Research Article | Open Access
Characterization of Some Spelt Wheat Starches as a Renewable Biopolymeric Material
The aim of this work was to analyze selected physical, chemical, thermal, and rheological properties of starches isolated from different spelt wheat varieties. The analyzed starches contained from 22.5 to 24.6 g/100 g of amylose and from 45.9 to 50.6 mg/100 g of phosphorus. Ranges of characteristic gelatinization temperatures, , , and , were 55.7–58.5°C, 61.1–62.6°C, and 67.4–68.2°C, respectively, while gelatinization enthalpy ranged from 8.87 to 9.96 J/g. The pasting curves showed significant differences in pasting characteristics of the starches. The values of maximum viscosity () and viscosity after cooling () determined for the starch pastes were in the range of 82.3–100.7 B.U. and 149.3–172.7 B.U., respectively. The starch pastes demonstrated non-Newtonian, shear thinning flow behaviour and thixotropy phenomenon. After cooling the resulting starch gels were characterized by different viscoelastic properties, with a dominance of elastic features (). The starches exhibited different tendency to retrogradation, with its degree () in the range of 21.1–37.4%.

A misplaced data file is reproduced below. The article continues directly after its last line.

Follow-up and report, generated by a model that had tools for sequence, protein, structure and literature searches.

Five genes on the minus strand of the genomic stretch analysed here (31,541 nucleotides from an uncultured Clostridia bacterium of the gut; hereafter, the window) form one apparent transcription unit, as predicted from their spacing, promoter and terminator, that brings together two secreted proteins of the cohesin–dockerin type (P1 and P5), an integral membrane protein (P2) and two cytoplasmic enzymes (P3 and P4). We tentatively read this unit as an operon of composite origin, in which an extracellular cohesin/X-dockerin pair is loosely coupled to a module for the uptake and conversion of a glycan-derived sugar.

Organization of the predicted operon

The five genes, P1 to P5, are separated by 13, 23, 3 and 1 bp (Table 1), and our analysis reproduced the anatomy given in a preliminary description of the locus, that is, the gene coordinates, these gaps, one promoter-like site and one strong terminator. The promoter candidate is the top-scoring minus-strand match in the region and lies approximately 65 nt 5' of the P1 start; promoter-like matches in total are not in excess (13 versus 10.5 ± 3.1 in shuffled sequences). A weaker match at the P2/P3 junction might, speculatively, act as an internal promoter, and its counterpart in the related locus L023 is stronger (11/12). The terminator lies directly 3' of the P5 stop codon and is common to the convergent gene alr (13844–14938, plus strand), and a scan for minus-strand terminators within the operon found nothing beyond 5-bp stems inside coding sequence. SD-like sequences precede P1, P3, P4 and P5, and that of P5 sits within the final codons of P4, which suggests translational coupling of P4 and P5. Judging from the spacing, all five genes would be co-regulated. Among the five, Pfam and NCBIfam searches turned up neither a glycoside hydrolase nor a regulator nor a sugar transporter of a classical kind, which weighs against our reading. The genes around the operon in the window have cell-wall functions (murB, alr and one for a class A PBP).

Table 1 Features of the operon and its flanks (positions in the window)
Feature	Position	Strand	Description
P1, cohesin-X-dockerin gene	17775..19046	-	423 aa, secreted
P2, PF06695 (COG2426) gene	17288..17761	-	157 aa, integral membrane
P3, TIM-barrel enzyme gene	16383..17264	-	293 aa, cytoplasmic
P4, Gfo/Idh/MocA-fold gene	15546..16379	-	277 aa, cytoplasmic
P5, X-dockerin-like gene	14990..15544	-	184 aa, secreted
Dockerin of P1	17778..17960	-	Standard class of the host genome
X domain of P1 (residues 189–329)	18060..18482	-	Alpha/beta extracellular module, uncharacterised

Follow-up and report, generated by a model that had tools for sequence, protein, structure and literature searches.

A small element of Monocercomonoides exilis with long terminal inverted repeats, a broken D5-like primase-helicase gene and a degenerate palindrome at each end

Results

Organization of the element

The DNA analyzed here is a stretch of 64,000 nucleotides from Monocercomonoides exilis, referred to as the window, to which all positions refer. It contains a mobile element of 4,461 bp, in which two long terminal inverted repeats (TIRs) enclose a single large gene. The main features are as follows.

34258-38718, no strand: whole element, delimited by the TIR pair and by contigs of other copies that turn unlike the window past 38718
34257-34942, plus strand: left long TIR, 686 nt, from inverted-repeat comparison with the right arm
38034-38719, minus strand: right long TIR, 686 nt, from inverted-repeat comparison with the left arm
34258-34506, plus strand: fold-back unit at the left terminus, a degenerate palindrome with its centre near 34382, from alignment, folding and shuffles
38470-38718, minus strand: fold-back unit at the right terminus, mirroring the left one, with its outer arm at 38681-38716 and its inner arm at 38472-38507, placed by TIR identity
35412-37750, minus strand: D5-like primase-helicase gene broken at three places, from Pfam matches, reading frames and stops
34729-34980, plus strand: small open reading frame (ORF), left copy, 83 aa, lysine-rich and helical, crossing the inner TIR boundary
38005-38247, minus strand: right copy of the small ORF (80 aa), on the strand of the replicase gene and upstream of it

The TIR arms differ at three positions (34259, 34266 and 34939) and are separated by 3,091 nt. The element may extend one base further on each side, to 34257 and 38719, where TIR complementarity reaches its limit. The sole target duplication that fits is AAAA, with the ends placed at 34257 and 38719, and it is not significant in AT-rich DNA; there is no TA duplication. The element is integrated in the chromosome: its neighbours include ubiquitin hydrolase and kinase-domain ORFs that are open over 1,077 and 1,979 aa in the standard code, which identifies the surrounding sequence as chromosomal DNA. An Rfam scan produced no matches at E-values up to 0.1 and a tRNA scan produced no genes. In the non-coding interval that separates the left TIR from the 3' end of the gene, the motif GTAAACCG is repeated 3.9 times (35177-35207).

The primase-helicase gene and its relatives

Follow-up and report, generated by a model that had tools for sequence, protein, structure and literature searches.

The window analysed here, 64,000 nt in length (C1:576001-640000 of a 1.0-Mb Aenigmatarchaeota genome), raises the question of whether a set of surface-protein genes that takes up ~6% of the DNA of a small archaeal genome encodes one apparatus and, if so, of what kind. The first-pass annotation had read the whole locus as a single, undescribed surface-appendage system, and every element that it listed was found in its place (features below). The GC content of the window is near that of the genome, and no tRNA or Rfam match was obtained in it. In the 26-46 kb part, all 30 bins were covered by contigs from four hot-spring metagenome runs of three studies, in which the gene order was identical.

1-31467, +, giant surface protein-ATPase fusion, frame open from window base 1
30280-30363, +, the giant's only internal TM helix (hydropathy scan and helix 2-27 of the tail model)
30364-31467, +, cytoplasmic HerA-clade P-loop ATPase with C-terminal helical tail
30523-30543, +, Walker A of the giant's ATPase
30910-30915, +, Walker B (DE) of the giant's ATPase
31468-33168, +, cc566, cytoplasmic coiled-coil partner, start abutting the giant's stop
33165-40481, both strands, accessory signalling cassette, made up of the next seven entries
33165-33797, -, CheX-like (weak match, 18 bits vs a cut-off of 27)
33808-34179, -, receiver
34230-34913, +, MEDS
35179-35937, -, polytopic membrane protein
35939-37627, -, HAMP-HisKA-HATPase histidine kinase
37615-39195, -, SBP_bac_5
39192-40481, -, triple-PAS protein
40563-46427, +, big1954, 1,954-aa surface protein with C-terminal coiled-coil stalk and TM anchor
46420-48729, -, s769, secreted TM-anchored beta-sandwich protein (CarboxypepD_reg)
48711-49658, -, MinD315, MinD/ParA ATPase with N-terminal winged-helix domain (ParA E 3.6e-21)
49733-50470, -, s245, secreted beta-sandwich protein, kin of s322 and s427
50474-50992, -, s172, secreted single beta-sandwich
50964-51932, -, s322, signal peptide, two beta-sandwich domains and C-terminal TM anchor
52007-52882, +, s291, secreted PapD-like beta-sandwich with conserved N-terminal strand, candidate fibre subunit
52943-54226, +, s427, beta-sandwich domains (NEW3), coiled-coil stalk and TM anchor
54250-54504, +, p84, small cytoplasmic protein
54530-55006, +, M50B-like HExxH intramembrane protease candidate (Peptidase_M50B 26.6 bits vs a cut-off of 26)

Spelt wheat (Triticim aestivum ssp. spelta) is one of the oldest subspecies of wheat that is used by humans. Spelt has already been cultivated about 7-8 thousand years BC. Numerous archeological discoveries in Europe areas prove that spelt wheat could be cultivated as a bread cereal in the eighth century BC . Most likely it was created by the natural intersection of emmer wheat (Triticum dicoocum) and goatgrass species (Aegilops squarrosa) [1, 2]. At the beginning of the 20th century spelt wheat was one of the most important cereals cultivated in Central Europe. Despite the close relationship to the widely grown wheat species, spelt wheat is very different from the last ones in terms of the many features. Spelt wheat kept largely the features of the wild cereals forms, that is, brittleness and fusion of grain with husk, which is beneficial for the survival and reproduction of the species, without human intervention. Nowadays, a significant increase of interest in cultivation of spelt wheat in Europe is observed [1, 2]. The reason for this is growing consumers’ demand for bread produced from this cereal species and a continuous increase in the number of farms focused on the production of organic food . Spelt wheat involves very different, high-grade cereal species, extremely resistant to adverse weather conditions and diseases . Therefore, it does not require the use of fertilizers or pesticides. Spelt wheat grain has strong hull that effectively protects the seed from contamination by pollutants from the atmosphere. Spelt wheat contains all the components necessary for proper functioning of the human body [3, 4]. Increasing dieticians’ interest in spelt wheat results from beneficial composition of spelt wheat grain [5, 6], which contains about 56% of starch. Still in the husk grain of spelt wheat contains more protein of higher degree of digestibility and biological quality as compared to common wheat grain [4, 7]. Spelt wheat grain is also characterized by much higher fat content and its better quality comparing to other wheat species. Still in the husk grain contains about 2.7% of fat. Especially important components of spelt wheat are unsaturated fatty acids with predominantly linoleic, oleic, and palmitic acids . Spelt wheat fat contains also more phytosterols than common wheat fat, making its consumption beneficial for lowering blood cholesterol level [3, 4]. Mineral compounds content of spelt wheat amounts to about 2%. There are especially much more phosphorus, zinc, copper, and selenium  contents as compared to other cereals. Spelt wheat (Triticum spelta) is a valuable source of vitamins. The spelt wheat derived vitamin E exhibits high biological activity that results from high level of alpha-tocopherol and much higher B vitamins contents as compared to common wheat [3, 4].